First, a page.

There’s my literal tool belt, which I still wear all the time, and which is invaluable to my creativity. But there’s also my tool belt of resources, which contains advice, books, and the presence of mentors. Next week I’ll share my favorite and most valued picks from my metaphoric tool belt, and how they’ve guided me as a designer – but also as a businessperson.
Almost every designer is particular about their tools and apparatuses. Most designers I know use a specific kind of pencil and a specific kind of pen; they have their tool brands and design programs they’re loyal to, and their practice is dependent on those loyalties. My golden utensil is the Paper Mate mechanical pencil with #2 lead. I sketch with it, write with it, do calculations with it. It’s smooth and well designed and reliable and a total partner in design crime.
I may not be wearing around an actual tool belt as much as I did back in the day, when I was knocking down walls and building stuff out, but my tools have, in a sense, become more precise – and I’m just as particular about them.
Beyond the utensils critical to my day-to-day as a designer-retailer, I also have a “tool kit,” so to speak, of literature I grew up depending on. As I’ve mentioned before, I’m indebted to the Time Life books, a series of handbooks that directly addresses all the fundamentals of DIY life in detail, for the dummies and the smarties: plumbing, wiring, masonry, roofing, woodworking, weatherproofing, and more. In a different way, medium, subject matter, and focus – but in the same conceptual vein – I hope for these Design Talks to be a literary resource just as specific and helpful to a broader understanding of the business of retail and design.
One resource I credit, too, is the great pool of thinking that design retail and independent business industry players are bringing to the table in regards to survival in the digital age. The idea of space shares, operated on platforms like Guesst; shorter-term leases, which we’re witnessing being offered, sometimes in the form of pop-up spaces; “scrappier” or independent brand partnerships, which Canal Street Market is a really interesting case study of; niche councils and coalitions, like the Female Design Council; and other creative retail and business strategies are really setting a new tone, pace, and standard for innovation in the small, especially creative, business sector.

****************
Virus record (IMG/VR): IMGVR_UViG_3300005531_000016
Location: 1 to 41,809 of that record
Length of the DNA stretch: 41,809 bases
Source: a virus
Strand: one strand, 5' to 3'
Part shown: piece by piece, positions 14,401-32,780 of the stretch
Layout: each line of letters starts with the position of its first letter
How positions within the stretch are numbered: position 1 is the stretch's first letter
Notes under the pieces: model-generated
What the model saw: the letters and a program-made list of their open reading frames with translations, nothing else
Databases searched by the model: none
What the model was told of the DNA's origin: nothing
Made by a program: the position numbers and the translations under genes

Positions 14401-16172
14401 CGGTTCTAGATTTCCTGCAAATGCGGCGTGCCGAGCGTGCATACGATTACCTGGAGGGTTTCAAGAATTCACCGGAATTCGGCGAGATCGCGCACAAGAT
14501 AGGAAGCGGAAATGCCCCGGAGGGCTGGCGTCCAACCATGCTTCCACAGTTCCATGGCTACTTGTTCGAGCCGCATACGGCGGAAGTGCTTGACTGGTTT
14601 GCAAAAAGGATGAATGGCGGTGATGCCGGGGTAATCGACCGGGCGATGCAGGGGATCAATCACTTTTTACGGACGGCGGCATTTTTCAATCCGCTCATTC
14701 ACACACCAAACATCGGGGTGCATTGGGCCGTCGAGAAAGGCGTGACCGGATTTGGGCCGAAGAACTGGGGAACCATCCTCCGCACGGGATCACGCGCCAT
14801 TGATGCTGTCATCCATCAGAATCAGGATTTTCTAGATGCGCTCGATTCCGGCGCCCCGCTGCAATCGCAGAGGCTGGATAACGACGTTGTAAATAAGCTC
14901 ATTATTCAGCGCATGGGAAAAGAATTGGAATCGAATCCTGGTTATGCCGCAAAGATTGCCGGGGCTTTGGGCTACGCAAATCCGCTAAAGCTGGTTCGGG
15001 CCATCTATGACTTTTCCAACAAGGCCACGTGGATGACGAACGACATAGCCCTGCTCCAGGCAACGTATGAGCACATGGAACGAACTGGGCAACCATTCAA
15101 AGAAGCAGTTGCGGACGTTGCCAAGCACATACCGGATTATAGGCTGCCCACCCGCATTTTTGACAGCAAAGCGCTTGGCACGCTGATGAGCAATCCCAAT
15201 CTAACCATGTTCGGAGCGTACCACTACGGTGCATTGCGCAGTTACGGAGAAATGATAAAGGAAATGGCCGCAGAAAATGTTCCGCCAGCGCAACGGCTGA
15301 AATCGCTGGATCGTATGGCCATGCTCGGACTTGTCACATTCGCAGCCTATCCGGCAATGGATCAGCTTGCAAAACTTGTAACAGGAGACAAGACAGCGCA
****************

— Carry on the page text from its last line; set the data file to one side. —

Back in October, the Times published a piece by Adam Bryant, who writes the “Corner Office” section on leadership and management. Bryant compiled what he’s learned over the years from over 500 of the C-suite managers he’s spoken with. One thing he says is this:
They share a habit of mind that is best described as ‘applied curiosity.’ They tend to question everything. They want to know how things work, and wonder how they can be made to work better. They’re curious about people…